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Manatees are large and aquatic mammals, which belong to the family Trichechidae. These mammals are mostly herbivorous. They are also known as sea cows. There are three accepted living species of Trichechidae, they are the Amazonian manatee (Trichechus inunguis), the West Indian manatee (Trichechus manatus), and the West African manatee (Trichechus senegalensis).
These marine creatures measure up to 13 feet in length and weigh up to 1300 pounds. They have paddle-like flippers. These mammals have two forelimbs, known as flippers and have three to four nails on each flipper. The head and face are wrinkled and have whiskers on the snout. The closest relatives of the manatees are the elephant and the hyrax. The adult manatee grows up to a size of around 10 feet long and weighs about (800 to 1,200) pounds.
Habitat and Range
These species are found in shallow, saltwater bays, canals, slow-moving rivers estuaries, and coastal areas. They are a migratory species. These species are found in Florida in the winter, in the United States. These sea creatures are also found in the coastal and inland waterways of Central America and along the northern coast of South America.
Behavior: These species are peaceful, gentle and slow-moving animals. These species spent most of their time in eating, resting, and traveling. They are completely herbivorous. They eat a large variety of emergent, submerged, and floating plants. These creatures consume 10-15% of their body weight in vegetation daily. As they are mammals, they must come to surface to breathe air. They rest either at the bottom or can be seen lying just below the surface of the water. These species come up to the surface to breathe on an average of every three to five minutes. They can swim up to 20 miles per hour in short bursts. However, they generally swim about three to five miles per hour.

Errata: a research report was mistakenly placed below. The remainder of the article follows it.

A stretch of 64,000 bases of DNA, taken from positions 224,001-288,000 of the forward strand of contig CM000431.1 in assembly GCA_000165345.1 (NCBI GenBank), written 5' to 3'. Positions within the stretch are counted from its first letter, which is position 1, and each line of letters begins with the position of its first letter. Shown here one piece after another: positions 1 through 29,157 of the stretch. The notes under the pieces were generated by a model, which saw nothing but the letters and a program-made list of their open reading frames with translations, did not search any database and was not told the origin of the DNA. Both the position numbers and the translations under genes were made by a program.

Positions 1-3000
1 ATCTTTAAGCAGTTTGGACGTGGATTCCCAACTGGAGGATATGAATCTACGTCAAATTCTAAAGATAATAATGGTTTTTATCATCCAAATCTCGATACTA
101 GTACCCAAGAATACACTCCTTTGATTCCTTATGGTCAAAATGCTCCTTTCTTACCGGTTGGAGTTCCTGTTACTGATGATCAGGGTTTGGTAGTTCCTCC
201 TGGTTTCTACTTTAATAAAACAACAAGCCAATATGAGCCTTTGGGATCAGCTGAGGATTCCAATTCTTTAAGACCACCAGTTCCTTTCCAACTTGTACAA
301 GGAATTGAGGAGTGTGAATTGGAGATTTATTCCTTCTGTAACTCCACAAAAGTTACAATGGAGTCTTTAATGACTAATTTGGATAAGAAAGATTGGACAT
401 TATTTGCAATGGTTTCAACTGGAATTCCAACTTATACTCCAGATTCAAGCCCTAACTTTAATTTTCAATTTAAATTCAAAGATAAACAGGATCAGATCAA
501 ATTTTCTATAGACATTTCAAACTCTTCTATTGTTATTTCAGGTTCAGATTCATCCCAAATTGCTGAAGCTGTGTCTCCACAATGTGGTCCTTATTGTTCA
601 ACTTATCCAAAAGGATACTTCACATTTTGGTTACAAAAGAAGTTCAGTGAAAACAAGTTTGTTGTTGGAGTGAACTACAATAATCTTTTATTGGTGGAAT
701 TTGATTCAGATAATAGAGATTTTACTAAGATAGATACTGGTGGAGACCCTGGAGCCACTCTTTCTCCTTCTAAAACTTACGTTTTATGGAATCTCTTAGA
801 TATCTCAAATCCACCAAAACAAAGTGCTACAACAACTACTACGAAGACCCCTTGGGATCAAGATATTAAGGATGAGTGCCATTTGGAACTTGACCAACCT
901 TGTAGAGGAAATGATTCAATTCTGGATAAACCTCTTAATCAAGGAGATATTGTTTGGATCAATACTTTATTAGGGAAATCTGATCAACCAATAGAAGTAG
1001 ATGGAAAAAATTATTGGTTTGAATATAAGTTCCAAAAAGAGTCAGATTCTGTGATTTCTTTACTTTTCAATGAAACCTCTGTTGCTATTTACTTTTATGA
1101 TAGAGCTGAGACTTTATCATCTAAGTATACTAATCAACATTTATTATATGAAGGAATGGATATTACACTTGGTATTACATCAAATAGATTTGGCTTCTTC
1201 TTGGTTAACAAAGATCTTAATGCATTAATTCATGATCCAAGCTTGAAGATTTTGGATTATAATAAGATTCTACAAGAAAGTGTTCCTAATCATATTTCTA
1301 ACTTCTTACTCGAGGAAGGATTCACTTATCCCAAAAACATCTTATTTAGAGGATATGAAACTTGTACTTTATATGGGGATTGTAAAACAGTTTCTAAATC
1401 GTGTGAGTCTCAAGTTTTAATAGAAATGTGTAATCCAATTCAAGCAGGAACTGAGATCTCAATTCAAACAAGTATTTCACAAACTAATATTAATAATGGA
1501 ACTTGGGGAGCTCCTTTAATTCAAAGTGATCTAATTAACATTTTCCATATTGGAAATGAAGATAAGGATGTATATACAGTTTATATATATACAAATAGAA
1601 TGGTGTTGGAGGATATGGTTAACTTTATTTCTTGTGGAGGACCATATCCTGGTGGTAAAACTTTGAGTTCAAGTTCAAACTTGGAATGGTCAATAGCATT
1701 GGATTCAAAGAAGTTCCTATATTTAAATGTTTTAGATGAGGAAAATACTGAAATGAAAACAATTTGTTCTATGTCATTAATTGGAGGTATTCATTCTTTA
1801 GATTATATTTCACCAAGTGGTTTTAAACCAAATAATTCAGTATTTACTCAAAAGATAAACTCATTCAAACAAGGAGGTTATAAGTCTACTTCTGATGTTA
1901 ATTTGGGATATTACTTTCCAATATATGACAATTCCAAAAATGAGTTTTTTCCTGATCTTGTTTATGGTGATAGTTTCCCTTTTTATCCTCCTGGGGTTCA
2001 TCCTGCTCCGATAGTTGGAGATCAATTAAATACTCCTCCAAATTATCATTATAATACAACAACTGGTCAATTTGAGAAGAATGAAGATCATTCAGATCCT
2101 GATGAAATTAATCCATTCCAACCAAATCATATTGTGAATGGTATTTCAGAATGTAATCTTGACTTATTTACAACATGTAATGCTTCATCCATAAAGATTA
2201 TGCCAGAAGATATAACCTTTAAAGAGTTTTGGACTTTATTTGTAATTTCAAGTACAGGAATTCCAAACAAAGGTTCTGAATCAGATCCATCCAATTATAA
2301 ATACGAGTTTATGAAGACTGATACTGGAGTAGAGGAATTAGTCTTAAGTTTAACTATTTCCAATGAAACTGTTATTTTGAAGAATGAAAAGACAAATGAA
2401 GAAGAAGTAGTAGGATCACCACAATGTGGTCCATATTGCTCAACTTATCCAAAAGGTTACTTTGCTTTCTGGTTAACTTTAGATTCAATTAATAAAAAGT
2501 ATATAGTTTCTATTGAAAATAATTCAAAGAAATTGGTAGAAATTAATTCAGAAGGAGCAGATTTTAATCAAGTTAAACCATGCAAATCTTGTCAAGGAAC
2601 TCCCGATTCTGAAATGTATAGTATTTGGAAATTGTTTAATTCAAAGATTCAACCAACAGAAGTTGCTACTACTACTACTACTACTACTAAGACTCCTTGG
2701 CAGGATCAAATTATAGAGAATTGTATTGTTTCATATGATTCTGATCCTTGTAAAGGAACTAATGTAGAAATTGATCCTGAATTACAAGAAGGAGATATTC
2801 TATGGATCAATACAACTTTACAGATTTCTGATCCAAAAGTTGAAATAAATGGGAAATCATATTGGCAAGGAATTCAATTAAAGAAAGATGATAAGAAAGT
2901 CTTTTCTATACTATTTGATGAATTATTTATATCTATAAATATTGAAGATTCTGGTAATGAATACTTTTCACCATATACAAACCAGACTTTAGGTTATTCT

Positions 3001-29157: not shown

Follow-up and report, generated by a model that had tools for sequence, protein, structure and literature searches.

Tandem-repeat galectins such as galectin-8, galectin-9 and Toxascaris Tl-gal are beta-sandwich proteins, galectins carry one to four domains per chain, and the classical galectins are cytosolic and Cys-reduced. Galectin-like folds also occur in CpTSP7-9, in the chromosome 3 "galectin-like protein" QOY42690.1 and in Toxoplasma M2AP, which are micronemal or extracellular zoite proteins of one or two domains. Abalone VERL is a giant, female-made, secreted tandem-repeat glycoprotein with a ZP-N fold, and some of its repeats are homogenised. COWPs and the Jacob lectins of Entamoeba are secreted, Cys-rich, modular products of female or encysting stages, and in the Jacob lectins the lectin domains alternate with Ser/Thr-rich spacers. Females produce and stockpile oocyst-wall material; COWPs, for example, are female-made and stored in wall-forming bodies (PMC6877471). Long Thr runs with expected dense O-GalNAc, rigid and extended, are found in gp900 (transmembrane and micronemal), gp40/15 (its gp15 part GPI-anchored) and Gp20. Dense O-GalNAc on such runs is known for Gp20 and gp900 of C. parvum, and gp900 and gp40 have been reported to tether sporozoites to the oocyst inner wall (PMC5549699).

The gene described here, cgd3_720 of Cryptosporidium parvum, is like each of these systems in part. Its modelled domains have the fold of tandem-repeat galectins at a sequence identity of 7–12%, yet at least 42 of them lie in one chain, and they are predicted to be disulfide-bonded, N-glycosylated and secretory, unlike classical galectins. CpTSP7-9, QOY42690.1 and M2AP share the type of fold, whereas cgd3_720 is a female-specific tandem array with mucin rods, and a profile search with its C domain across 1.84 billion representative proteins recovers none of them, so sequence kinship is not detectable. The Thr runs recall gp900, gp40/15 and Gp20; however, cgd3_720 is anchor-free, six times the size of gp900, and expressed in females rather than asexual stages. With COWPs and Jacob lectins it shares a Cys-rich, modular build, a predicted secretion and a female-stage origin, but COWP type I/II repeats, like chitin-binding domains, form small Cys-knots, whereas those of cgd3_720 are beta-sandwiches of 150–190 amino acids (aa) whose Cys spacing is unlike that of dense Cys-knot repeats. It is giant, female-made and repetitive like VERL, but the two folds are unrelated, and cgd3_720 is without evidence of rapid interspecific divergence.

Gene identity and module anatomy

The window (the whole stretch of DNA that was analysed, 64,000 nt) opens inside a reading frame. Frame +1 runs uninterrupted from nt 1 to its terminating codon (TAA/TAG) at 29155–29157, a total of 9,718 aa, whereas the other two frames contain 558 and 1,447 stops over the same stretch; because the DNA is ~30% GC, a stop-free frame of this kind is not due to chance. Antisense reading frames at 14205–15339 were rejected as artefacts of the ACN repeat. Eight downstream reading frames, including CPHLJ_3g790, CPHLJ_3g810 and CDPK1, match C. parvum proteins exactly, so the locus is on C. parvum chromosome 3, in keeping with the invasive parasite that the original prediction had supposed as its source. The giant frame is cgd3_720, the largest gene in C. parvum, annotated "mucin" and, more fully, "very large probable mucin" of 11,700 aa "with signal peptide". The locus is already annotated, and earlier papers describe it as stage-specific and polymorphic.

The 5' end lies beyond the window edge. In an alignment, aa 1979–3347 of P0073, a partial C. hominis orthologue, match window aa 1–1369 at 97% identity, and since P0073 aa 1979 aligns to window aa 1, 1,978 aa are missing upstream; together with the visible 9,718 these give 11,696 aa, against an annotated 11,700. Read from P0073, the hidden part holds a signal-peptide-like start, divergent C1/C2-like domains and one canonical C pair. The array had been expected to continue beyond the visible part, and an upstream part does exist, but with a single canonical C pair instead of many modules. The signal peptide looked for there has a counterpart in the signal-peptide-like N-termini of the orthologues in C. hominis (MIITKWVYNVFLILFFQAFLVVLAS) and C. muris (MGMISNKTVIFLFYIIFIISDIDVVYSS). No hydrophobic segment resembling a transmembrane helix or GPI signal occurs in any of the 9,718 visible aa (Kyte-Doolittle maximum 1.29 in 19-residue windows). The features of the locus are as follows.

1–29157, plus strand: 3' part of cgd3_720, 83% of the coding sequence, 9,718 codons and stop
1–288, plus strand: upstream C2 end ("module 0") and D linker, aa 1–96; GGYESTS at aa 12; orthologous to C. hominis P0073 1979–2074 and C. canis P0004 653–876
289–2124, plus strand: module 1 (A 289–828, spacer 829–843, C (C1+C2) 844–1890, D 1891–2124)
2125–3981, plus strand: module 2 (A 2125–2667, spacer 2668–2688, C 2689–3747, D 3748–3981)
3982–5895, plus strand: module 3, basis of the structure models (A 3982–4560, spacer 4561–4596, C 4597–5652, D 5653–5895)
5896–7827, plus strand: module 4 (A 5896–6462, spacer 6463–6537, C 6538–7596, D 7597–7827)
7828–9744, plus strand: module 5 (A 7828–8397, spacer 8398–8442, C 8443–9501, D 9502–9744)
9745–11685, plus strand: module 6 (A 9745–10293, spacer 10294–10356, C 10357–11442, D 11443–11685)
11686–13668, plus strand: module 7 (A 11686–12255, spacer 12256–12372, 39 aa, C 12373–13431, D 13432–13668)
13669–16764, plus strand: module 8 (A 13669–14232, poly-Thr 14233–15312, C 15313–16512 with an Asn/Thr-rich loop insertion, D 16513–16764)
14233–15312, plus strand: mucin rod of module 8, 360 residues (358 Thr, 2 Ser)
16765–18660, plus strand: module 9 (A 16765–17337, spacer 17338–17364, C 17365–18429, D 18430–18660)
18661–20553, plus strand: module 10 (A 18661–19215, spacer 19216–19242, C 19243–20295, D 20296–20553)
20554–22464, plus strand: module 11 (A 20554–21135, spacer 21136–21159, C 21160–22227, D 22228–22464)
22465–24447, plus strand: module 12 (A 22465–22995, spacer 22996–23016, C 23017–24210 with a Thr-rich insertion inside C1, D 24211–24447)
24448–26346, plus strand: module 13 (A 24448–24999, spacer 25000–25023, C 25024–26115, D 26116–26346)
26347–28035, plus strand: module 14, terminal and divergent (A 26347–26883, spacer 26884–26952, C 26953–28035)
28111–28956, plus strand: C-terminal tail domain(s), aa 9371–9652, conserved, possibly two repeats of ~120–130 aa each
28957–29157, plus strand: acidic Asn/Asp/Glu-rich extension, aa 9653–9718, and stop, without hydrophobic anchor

Lifespan, Mortality, and Population
These species have no natural enemies, and they can live up to 60 years or more. A certain percentage of manatee mortality becomes the victim of natural causes of death such as cold stress, pneumonia, gastrointestinal disease, and other diseases. A large number of additional fatalities are caused by human beings and the most human-related manatee fatalities occur from collisions with watercraft. The other causes can be flood control structures, ingestion of fish hooks, litter, and monofilament line.
Breeding and Reproduction
The reproductive rate of these species is low. The reason is that, they become sexually mature when they are about five years old. It has been found that only one calf is born every two to five years. The gestation period in these creatures is about a year. Mothers nurse take care of their young for one to two years, and during this time, a calf remains dependent on its mother.
The Florida Manatee Recovery Plan was developed for the protection of the Endangered Species. This recovery plan is coordinated by the U.S. Fish & Wildlife Service (USFWS). These agencies are working towards the recovery of manatees from their current endangered status.
Read more on Manatees Endangerment and Conservation